In lecture theatres and tutorial classes, a learning environment that provides communicative and reflective activities promises benefits for both the university teacher and her students. By asking questions of students, the teacher creates opportunities to enhance the relevance of her teaching by injecting into it students' perspectives, life experiences, and aspirations. She also enhances her ability to assess the adequacy of students' background knowledge and monitor the qualitative development of students' new understandings. Most importantly, by becoming a communicative and reflective educator, the university teacher can evaluate continuously the efficacy of her teaching strategies and work towards creating an ambience of care and concern for students' ideas and their growth as learners.

By having opportunities to communicate during lectures or tutorials with fellow students and the university teacher, students learn to assign language to emerging ideas, seek clarification of half-formed understandings, and raise questions about the appropriate 'depth' of their new understandings. Students learn also to value admitting to the uncertainty of their knowledge and to engaging in dialogical discourses that hold opposing perspectives in tension and that countenance more than one 'correct' answer to a problem. Of considerable value to students who have for so long been immersed in competitive individualism, communicative relationships enable students to pose collaboratively questions for the teacher's response and, perhaps also, engage in reflective role-play activity.

Teacher's Interpersonal Skills

Of course, a university teacher who wishes to adopt a social constructivist perspective and work towards creating a communicative and reflective learning environment in her lecture theatre or tutorial classroom will need to develop important interpersonal skills. Dutch researchers have investigated teacher behaviour in classrooms from a systems perspective on communication which assumes that the behaviours of participants influence each other mutually (Wubbels, Creton & Holvast, 1988 ). The behaviour of the teacher is influenced by the behaviour of the students and, in turn, influences student behaviour.

In order to assess these behaviours the Questionnaire on Teacher Interaction (QTI) was developed. When the QTI is administered to both teachers and their students, information is provided about the perceptions of teachers and the perceptions of students of the interpersonal behaviour of the teacher. The information obtained by means of the questionnaire includes perceptions of the behaviour of the teacher towards the students as a class, and reflects relatively stable patterns of behaviour over a considerable period. Research has indicated that interpersonal teacher behaviour is an important aspect of the learning environment and that it is related strongly to student outcomes. For example, understanding, helpful/friendly and leadership behaviours of teachers have been found to relate positively to student attitudes and cognitive outcomes (Wubbels, Brekelmans & Hooymayers, 1991).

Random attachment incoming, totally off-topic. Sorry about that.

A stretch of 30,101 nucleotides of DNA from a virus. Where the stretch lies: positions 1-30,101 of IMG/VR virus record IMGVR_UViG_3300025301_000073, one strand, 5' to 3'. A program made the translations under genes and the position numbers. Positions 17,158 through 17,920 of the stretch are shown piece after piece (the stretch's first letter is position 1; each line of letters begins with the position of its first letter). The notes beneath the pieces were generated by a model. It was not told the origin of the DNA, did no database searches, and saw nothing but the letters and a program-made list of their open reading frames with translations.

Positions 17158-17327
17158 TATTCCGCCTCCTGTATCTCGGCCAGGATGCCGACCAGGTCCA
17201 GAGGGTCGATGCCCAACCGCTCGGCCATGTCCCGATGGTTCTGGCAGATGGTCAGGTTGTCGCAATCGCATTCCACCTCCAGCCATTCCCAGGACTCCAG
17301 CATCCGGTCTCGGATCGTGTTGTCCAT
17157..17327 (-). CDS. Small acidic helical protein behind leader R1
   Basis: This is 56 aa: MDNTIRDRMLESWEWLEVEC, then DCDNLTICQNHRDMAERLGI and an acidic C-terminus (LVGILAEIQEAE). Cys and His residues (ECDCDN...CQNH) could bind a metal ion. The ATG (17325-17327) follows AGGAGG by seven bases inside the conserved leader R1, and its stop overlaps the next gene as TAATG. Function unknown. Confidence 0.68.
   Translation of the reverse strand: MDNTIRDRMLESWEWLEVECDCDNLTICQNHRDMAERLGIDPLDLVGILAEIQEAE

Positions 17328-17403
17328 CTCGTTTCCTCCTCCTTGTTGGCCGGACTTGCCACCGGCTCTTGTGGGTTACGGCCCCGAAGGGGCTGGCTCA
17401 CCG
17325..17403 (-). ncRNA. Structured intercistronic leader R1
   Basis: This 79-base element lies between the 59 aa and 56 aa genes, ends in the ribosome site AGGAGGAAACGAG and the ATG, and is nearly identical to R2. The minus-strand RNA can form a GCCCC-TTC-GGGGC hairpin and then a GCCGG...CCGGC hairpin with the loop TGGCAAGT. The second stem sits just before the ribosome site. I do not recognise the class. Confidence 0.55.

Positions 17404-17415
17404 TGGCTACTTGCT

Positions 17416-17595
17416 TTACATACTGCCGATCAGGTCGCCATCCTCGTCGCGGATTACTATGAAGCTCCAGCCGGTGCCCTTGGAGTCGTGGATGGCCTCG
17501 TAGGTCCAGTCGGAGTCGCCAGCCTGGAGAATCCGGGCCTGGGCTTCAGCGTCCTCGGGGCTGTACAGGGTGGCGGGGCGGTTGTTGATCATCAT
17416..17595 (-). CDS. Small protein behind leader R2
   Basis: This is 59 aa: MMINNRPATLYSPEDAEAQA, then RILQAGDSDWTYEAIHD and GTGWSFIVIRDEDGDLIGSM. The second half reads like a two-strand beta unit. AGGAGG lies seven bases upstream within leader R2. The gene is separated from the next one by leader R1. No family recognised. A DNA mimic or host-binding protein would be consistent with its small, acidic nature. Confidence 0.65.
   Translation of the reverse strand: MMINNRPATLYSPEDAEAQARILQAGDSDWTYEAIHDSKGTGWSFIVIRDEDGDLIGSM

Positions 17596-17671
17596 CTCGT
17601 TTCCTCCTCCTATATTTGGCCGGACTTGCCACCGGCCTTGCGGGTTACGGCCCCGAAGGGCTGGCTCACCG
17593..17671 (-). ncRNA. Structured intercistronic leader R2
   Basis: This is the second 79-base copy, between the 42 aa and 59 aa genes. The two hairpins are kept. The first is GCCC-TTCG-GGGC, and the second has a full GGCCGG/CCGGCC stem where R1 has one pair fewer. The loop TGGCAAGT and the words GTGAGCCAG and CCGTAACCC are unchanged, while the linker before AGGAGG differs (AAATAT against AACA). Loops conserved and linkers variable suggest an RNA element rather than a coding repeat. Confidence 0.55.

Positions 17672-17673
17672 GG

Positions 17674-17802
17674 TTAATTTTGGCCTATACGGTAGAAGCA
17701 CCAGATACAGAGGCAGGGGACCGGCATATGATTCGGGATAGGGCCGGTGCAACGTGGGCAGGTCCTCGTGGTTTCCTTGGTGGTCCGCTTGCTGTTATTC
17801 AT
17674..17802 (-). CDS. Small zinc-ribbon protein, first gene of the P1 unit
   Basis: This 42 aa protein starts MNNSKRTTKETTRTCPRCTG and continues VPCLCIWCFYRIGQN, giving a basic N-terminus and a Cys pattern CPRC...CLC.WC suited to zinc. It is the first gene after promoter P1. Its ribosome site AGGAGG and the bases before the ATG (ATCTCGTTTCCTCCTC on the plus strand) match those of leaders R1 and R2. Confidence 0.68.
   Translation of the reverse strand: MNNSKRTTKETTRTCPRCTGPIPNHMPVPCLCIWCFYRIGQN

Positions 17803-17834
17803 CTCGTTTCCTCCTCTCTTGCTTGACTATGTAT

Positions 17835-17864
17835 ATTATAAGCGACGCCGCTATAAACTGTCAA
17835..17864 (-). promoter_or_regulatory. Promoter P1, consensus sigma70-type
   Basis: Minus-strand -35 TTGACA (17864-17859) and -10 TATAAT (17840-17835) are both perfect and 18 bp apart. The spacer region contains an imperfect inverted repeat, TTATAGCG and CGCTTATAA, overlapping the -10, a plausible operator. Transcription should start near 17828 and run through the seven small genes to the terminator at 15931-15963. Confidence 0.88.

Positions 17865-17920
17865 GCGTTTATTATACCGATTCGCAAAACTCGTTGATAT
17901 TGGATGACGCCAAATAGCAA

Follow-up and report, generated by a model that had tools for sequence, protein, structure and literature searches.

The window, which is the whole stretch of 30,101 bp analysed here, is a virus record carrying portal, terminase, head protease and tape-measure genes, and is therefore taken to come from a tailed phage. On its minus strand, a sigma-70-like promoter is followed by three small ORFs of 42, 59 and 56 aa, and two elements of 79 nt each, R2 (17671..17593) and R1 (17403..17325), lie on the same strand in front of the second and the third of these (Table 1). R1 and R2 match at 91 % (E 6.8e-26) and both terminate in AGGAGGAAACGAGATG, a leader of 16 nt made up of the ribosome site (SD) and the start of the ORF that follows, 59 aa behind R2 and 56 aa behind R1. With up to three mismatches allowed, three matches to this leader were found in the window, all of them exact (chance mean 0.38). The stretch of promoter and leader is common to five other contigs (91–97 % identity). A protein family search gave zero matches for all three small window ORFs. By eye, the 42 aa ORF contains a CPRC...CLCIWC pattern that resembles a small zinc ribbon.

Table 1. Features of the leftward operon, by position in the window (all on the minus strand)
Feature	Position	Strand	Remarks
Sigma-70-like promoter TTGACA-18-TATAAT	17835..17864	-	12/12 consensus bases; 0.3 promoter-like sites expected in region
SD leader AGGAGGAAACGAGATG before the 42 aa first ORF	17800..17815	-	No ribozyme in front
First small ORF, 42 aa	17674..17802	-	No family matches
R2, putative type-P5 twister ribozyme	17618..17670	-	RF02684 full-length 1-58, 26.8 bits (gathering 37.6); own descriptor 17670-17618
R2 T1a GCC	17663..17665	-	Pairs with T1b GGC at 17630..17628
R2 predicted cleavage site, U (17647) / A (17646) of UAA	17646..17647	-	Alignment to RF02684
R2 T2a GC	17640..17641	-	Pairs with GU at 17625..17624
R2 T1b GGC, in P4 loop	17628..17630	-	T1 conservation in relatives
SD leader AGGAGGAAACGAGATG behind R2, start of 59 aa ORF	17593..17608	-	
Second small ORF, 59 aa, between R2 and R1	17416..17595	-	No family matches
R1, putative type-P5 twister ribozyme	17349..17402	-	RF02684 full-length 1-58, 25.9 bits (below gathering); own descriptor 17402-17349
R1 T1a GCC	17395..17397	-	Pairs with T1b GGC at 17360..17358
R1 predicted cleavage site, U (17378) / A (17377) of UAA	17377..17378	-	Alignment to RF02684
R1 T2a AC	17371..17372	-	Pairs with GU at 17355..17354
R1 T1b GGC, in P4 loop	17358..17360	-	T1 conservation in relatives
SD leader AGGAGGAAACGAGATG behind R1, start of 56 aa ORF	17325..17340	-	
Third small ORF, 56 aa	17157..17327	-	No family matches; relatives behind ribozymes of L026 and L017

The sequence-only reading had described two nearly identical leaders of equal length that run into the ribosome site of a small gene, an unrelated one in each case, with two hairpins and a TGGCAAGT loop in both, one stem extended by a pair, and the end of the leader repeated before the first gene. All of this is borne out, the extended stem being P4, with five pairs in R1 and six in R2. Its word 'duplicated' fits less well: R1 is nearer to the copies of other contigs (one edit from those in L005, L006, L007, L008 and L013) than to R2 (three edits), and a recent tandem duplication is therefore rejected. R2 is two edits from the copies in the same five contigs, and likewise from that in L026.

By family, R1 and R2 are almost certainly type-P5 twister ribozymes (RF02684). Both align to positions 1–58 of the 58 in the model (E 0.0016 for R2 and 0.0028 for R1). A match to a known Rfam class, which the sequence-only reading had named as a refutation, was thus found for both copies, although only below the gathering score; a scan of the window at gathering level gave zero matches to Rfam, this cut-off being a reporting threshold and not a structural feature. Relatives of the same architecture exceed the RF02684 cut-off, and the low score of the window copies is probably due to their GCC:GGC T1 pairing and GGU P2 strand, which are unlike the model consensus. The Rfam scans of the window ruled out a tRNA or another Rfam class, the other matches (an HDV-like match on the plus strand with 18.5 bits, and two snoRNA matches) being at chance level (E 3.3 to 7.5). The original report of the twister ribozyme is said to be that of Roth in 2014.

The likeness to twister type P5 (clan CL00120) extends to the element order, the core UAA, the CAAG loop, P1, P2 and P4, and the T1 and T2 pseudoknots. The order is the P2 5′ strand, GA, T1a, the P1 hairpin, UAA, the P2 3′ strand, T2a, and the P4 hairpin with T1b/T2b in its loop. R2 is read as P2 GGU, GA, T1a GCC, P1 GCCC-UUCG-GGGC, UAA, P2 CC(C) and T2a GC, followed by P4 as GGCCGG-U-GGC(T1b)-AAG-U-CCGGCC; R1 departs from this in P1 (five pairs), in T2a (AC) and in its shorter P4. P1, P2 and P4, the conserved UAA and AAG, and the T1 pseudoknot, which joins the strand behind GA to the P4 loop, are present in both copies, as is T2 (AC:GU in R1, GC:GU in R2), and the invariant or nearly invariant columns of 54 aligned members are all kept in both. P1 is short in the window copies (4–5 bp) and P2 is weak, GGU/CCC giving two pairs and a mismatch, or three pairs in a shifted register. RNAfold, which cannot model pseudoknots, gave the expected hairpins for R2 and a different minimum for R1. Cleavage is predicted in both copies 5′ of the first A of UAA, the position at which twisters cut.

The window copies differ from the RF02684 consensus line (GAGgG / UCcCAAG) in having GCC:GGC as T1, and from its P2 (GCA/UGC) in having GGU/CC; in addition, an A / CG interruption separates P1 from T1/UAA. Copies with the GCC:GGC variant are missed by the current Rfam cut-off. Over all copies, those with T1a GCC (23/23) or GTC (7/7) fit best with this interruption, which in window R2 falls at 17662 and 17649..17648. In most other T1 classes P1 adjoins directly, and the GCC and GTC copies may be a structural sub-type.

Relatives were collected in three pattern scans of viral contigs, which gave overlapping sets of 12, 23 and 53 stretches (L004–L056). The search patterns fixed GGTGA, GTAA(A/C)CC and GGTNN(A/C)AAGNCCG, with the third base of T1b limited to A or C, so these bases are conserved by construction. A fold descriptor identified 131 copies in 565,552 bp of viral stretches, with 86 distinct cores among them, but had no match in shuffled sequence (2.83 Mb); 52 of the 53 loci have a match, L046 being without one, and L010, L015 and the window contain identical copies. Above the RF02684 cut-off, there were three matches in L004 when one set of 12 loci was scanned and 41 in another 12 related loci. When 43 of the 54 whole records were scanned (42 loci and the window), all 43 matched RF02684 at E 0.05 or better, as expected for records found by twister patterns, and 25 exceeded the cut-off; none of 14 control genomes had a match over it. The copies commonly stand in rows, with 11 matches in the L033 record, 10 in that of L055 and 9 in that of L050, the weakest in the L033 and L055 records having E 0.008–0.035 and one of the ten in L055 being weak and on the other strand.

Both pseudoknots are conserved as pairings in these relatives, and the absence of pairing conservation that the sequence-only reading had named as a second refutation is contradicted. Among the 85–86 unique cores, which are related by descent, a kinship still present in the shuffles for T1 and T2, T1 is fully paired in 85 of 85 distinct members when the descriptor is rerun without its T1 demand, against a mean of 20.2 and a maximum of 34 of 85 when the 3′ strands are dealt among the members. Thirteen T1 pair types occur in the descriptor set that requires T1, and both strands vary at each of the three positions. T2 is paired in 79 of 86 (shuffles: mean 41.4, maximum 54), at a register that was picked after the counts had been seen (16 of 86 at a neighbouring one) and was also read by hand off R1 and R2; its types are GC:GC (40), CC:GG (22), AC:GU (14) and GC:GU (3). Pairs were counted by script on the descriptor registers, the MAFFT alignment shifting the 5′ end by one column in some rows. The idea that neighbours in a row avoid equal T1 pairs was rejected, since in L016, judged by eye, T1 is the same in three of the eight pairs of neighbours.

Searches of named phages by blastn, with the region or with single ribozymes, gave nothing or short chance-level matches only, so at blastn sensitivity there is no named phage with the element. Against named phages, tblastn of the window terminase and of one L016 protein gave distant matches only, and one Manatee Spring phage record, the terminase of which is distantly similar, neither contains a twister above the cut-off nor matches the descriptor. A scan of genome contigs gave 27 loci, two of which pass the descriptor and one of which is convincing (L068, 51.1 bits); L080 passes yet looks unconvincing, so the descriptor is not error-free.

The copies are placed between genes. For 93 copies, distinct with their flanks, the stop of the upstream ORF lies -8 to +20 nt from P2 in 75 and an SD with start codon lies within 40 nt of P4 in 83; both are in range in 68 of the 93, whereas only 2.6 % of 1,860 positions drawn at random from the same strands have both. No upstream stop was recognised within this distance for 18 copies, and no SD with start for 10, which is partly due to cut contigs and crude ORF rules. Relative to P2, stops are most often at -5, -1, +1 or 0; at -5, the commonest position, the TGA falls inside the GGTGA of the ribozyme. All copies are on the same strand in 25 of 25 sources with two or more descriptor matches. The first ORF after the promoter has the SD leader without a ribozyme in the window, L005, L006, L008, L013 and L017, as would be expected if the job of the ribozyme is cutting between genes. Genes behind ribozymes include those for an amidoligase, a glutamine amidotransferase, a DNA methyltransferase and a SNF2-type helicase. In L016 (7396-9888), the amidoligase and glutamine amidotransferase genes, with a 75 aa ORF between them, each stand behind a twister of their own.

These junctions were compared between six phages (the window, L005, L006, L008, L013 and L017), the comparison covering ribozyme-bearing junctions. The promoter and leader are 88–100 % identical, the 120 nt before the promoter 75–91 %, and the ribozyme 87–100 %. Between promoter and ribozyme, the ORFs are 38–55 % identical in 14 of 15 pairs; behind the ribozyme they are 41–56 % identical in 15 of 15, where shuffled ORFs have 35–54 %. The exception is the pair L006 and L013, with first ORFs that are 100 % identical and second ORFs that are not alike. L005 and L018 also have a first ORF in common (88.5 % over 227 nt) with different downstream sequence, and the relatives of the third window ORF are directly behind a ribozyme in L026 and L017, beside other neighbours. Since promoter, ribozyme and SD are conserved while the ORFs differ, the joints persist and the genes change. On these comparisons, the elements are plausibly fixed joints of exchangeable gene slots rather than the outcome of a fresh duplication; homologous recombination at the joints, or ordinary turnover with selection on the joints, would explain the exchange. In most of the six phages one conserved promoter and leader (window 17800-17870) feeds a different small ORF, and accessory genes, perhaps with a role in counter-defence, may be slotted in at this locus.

The USCLES

The University Social Constructivist Learning Environment Survey is a questionnaire designed for use by university teachers interested in transforming their teaching in accordance with a social constructivist perspective on learning. The questionnaire has emerged from recent developments in the combined fields of learning environment research (Fraser, 1989, 1994; Taylor, Fraser & Fisher, in press; Wubbels & Levy, 1993) and constructivist research on teaching (Taylor, in press; Tobin, 1993). The USCLES combines scales adapted from earlier questionnaires - Constructivist Learning Environment Survey, Questionnaire on Teacher Interactions - that were designed for use in school science and mathematics classrooms and that have been found to be very useful for enabling teachers to plan and monitor major transformations of their own teaching (Brekelmans, Wubbels & Creton, 1990; Taylor, Fraser & White, 1994; Taylor, Dawson & Fraser, 1995; Wubbels, Brekelmans & Hooymayers, 1991; Wubbels, Creton & Hooymayers, 1992).

The scales of the USCLES (see Table 1) have been designed, from a social constructivist perspective on learning, to highlight important psycho-social dimensions of a university classroom environment in which teachers facilitate communicative and reflective learning. The first three scales - Relevance, Reflection, Negotiation - are concerned with opportunities provided by the university teacher to engage students in communicative activity and reflective thinking leading to their development of deep conceptual understandings within the discipline. The second three scales - Leadership, Empathy, Helpfulness - are concerned with important interpersonal qualities that need to be displayed by a university teacher interested in persuading students to transform their established epistemologies and approaches to learning.

The Classroom Trial

In order to determine the efficacy of the USCLES for generating plausible accounts of university classroom learning environments, we trialled the questionnaire during second semester, 1996, in a postgraduate class taught by one of the authors. Social constructivism is used as a referent for teaching the 15-week Unit 'Science and Mathematics Education Curricula', a core Unit in our MSc(ScEd) course. During the Unit, a major emphasis was placed on facilitating student-centred learning. For example, students were urged to write about their learning experiences in reflective journals, adopt a narrative genre and examine their own educational biographies, identify implicit beliefs that govern their roles as learners and teachers, participate in large-group and small-group class discussions, and report on qualitative changes in their learning goals and processes. During the final class, the 12 students completed two forms of the questionnaire. The 'preferred' form of the questionnaire asked about key aspects of students' ideal or preferred university classroom learning environment. The 'perceived' form asked about corresponding aspects of their perceptions of the Curricula class.